your performance and the performance of you company, division
or department, and are willing to do your own work, conduct
your own research and implement new tactics and strategies.
7. You are a visionary, with the need and desire to leave a lasting
legacy for your company, colleagues … and your career.
Simply put, executive coaching can help meet needs and desires in each of
these areas by providing content, processes, mindset and attitudes to help
successful leaders improve and sustain results.
Because you are already a highly-effective leader in a position with
significant responsibility, being able to leverage areas of constraint or need
in a short and measurable period of time is critical for coaching success.
That’s why coaching has become a trusted process for leveraging
performance: processes and standards are set and benchmarks and
agreed upon metrics must be met, or else you and the coach see the
process as a failure.
However, the success of this step-by-step methodology is seen in the
thousands of successful executives who have leveraged their skill sets and
companies through the coaching process. The success of our company and
the success of coaching as a category rests on these measurable results
that can be replicated again and again.
The Executive Coaching Process
The executive coaching process is not perfectly linear, but does tend to
follow these steps:
Willingness and Being “Open”
to Being Coached
First, of course, you must be willing and open to being coached.
Coaching as a process only works if you are willing to engage in the
process, and are open to actually being coached.
Second, You Must Agree on
Next, you must determine how you will measure the success of the
coaching. What will make the coaching relationship the most valuable
business relationship you’ve ever had? Before any coaching takes place,
you and your coach need to agree on what will make a successful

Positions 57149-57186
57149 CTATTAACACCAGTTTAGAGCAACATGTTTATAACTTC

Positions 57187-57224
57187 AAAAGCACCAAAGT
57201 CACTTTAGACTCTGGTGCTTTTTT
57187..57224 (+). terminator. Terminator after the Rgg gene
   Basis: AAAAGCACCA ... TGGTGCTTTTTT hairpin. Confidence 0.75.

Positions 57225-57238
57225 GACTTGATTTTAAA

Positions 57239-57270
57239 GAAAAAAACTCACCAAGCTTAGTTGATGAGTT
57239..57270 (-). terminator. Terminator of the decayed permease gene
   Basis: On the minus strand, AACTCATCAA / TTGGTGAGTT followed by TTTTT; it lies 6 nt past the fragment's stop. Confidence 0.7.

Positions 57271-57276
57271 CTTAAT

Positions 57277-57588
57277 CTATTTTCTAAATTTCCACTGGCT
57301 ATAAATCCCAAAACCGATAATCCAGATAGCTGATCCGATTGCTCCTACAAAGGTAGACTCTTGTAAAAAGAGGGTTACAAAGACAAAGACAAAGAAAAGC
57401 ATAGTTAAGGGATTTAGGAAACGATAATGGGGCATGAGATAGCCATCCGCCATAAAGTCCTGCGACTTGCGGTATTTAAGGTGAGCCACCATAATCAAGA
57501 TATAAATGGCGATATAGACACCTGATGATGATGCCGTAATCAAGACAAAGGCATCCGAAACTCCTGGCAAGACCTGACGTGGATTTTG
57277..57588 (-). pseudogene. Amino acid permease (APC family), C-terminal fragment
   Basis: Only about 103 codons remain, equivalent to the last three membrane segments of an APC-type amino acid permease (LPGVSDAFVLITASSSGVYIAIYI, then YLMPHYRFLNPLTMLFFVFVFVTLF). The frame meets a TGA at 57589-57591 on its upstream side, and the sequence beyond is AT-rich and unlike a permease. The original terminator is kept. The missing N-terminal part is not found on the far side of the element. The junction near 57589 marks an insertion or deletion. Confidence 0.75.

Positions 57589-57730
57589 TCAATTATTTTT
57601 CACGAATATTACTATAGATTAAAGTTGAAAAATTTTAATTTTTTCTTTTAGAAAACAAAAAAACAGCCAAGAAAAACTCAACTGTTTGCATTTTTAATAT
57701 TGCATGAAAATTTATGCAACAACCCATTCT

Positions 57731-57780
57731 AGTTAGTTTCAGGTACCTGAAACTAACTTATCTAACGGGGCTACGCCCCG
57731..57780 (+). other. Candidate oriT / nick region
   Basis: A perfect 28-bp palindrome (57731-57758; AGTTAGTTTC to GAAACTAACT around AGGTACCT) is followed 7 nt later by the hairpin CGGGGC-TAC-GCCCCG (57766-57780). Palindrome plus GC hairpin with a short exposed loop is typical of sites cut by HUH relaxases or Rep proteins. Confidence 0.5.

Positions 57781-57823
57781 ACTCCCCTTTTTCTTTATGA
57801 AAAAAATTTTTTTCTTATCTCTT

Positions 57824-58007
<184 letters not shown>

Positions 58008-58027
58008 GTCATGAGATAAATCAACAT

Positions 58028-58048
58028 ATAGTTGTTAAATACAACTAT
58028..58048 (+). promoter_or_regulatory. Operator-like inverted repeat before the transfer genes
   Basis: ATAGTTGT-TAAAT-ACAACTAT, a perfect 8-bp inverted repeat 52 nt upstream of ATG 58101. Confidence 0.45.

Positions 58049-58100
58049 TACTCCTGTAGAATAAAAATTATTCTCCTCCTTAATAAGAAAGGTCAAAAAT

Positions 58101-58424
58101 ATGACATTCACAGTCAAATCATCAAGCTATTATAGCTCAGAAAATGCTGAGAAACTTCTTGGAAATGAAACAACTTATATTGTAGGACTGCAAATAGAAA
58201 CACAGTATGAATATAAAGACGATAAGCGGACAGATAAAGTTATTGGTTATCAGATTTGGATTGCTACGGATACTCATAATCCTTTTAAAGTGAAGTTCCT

At the same time, you should agree on outcomes for each and every
coaching session, so that you and your coach are working towards the
This could be as simple as, “Today, I’d like for this session to end with
agreement about what my 360 degree assessment means, and how we
can address results going forward.”
Third, You Must Agree on
Before any coaching begins, you also need to create a contract with your
coach. Elements of the contract may include:
• When and where will coaching sessions take place?
• For how long?
• What is confidential and what is not?
• Which questions and issues are in scope and which are not?
• What happens if the you hits a road block or gets stuck (e.g., you
need to work through the issue … and not quit the coaching!)?
• What are the rules for terminating the agreement?
Fourth, You Must Set a Baseline
and Measurement Process
Because coaching is always about improving results, you and your coach
need to establish a baseline.
If you want to reduce turnover among high performing employees, set a
baseline that defines who is a high performer, and what current turnover
is. If you want the whole executive and management team to agree on a
strategy, then measure agreement about strategy now. You can always set
some sort of measurable baseline.
At the same time, agree with your coach on a way to measure progress
over time. A baseline is only good if you continue to track progress
towards a goal. Agree on how often you will measure results and how
you will measure them.
Finally, Be Open to the
You will find as you start your coaching that gaps will exist between where
you are and where you want to go. That is normal and simply part of
the process. Know at the start that only by identifying, measuring and
tracking can performance improve, and change can only take place by
implementing strategies and tracking results.
As you progress, you will feel more comfortable making any mid-course
corrections, and acknowledging your wins and milestones.
To discover more about everything Executive Coaching can do to enhance
your performance and your career, contact me … and I will offer you a
free Executive Coaching assessment, at no cost or further obligation to you.
Just contact me and we can get started right away.